The state Board of Education won’t be weighing whether to discipline tens of thousands of teachers who walked out during the #RedForEd strike — at least not yet.
Board President Lucas Narducci on Friday yanked the subject of the board’s authority to sanction educators from the agenda for Monday’s meeting, calling any discussion of the issue “premature at this time.”
`The board does not have enough information or legal advice to have a constructive discussion,” he said in a statement, saying the board will “seek more guidance through legal counsel in due course.”
Narducci’s move is a setback for state schools chief Diane Douglas.
It has been Douglas who, even before the strike started, that teachers should be investigated — and, if appropriate, disciplined — for breaching their contracts. And while it was Narducci’s decision to examine the issue, Douglas said it was with her backing, and that the call for a discussion was a “mutual” determination.
But the superintendent of public instruction has made no secret for months of her belief that teachers who didn’t show up in class were acting illegally and should be punished in some way, saying Friday she told teachers “right from the beginning” that a strike is illegal in Arizona.
Only thing is, Douglas, by herself, is powerless to do anything: Only the full Board of Education, on which she serves, has the ability to take disciplinary action, whether a reprimand or censure, at one extreme or the more severe suspension or revocation of someone’s teaching certificate.
But Joe Thomas, president of the Arizona Education Association, said there’s nothing for the state board to investigate about individual teachers.
“The district made a decision to close the school,” he said, though he conceded that took place when administrators found there would be too few staffers in attendance to open a building. But Thomas said if the school was closed — whether for lack of staff or simply bad weather — a teacher who doesn’t show up has done nothing wrong.
As to other cases of teachers who did not show up, Thomas said school districts all have various policies that allow teachers to take personal time.
From his perspective, he said the whole push to look at the issue of whether teachers should be disciplined is political.
“If there wasn’t an election in November, this wouldn’t be an issue,” he said, referring to the fact that Douglas is seeking reelection.
“This is saber rattling,” Thomas said. “The superintendent is playing to her base.”
The issue does have political overtones. In fact, it came up Wednesday during a televised debate among the five Republicans who hope to be state schools chief for the next four years.
“They didn’t strike,” said Tracy Livingston. “The doors were closed.”
“The doors would have never been closed if the teachers didn’t vote to walk out,” Douglas responded.
Livingston, who is a teacher, said while she didn’t support the walkout, she does not believe those who did stay away from class should be disciplined.
And Jonathan Gelbart said while he, too, did not support the walkout, he said there’s “no realistic way” to discipline those who stayed away from their classrooms, some for more than the week that some schools remained closed.
On Friday Douglas conceded the practical problems of trying to discipline teachers who did not go to work.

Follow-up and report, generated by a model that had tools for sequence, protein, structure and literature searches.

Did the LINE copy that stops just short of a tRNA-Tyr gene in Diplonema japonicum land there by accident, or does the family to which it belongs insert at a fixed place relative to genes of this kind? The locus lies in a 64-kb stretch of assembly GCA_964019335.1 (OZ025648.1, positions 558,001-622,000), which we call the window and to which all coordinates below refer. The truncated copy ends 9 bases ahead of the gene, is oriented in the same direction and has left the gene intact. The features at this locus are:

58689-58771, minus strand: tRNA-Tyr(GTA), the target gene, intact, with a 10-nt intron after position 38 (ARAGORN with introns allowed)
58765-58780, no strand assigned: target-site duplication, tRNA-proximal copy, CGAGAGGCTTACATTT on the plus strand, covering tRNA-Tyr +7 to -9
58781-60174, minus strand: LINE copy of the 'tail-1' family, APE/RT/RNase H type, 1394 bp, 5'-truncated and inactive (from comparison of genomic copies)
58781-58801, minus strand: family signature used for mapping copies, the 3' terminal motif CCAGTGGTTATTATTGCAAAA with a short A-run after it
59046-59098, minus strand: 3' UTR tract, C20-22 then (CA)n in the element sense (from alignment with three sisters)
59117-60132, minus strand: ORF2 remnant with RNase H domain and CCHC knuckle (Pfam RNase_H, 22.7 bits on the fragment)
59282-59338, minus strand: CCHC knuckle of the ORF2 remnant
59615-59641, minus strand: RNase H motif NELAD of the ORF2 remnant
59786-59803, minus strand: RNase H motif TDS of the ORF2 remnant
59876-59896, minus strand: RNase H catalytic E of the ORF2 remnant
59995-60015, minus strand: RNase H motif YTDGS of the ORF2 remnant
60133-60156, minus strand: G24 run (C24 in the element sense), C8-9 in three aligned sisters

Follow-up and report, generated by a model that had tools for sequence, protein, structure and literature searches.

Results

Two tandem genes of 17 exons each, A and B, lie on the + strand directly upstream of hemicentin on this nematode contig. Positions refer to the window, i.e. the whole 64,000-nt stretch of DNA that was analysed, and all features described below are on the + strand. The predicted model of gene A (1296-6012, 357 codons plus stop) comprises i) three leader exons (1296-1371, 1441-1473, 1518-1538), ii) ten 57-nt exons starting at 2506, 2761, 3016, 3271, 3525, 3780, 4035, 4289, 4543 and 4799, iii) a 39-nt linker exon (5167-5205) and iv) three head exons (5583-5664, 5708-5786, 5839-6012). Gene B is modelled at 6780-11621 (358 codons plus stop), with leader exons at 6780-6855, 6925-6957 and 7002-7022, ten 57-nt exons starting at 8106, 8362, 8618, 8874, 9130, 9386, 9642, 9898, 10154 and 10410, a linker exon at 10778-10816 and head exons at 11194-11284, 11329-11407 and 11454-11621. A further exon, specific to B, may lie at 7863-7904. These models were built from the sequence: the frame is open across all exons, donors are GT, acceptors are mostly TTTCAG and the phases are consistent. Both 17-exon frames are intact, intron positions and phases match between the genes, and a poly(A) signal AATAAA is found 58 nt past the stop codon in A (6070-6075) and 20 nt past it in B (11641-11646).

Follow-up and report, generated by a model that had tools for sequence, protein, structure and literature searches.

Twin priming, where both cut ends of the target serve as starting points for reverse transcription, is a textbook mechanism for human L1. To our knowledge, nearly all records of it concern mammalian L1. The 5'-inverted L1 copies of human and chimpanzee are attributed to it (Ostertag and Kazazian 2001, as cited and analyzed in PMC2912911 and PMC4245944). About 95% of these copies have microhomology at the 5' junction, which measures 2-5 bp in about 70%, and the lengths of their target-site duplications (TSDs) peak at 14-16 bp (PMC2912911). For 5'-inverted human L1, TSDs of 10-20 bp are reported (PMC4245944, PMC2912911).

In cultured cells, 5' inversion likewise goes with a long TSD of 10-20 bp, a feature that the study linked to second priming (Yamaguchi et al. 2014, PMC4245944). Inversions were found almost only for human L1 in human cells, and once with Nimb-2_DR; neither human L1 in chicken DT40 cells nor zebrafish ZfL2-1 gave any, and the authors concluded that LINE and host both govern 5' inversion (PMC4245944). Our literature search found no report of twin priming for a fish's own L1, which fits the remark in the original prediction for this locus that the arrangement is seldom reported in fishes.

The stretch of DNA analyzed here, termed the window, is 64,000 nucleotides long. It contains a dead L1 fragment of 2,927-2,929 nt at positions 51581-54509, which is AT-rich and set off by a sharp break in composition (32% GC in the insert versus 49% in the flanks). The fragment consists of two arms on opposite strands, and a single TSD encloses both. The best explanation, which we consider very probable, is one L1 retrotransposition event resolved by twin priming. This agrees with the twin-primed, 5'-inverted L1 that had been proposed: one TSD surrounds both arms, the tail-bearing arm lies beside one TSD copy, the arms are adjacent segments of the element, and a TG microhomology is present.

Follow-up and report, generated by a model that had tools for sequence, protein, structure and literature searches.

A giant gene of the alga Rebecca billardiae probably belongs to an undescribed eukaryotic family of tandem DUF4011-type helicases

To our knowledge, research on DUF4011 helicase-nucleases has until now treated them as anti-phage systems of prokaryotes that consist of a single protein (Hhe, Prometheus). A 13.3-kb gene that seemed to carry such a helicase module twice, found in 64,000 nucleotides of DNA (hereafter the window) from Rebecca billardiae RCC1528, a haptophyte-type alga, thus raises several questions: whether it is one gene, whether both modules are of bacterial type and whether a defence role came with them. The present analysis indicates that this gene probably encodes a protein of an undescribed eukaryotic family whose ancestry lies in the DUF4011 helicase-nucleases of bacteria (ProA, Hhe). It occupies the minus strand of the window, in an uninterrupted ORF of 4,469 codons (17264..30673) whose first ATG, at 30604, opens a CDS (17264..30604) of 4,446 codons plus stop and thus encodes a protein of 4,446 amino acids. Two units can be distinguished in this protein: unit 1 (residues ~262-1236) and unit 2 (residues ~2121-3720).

It starts with how to separate out those teachers who stayed away on purpose to strike versus those who may not have wanted to strike but simply found their schools closed. But Douglas said there was a way — if only teachers would have followed her advice.
“I very, very loudly and clearly for a week before that strike told any teacher who disagreed with this and didn’t want to walk out that they should very clearly, in their personnel file, make sure their district is aware of their thoughts and their intent to come to school and work,” she said. Still, Douglas has no idea how many actually followed her advice.
There’s an even more basic issue: Should the state consider suspending or revoking the teaching certificates of those who went on strike given that Arizona already has a shortage of certified teachers.
“I don’t know,” Douglas responded. “That’s a very theoretical question.”
But the superintendent told Capitol Media Services she remains convinced that some sort of sanction is necessary, at least to set a precedent.
“Do we let our teachers just walk out on children any time they feel like it at the behest of any political operative who comes along and pulls their strings?” Douglas said. And Douglas said it would be wrong to see the issue of teacher discipline in this case as something special or unusual.
“We routinely censure teachers who walk out on their contracts,” she said. “I guess the rhetorical question is, if you do something wrong that you normally get disciplined for, if you do it with enough people, do we then just say it doesn’t matter anymore?”
As much as Thomas sees the push by Douglas for discipline as political, she has her own take on the issue, calling the whole walkout ” a political stunt.” She said the governor’s offer of a 19 percent pay hike by 2020 “was already on the table before they even voted to strike.”
But Thomas said that’s telling only half the story, noting that lawmakers had yet to consider the matter by the time teachers and other staff showed up in front of the Capitol.
“You had thousands of educators that wanted to see this process all the way through,” he said.
“I don’t think that anyone could have guaranteed that that would go through,” Thomas continued. “I think it went through because we were out there.”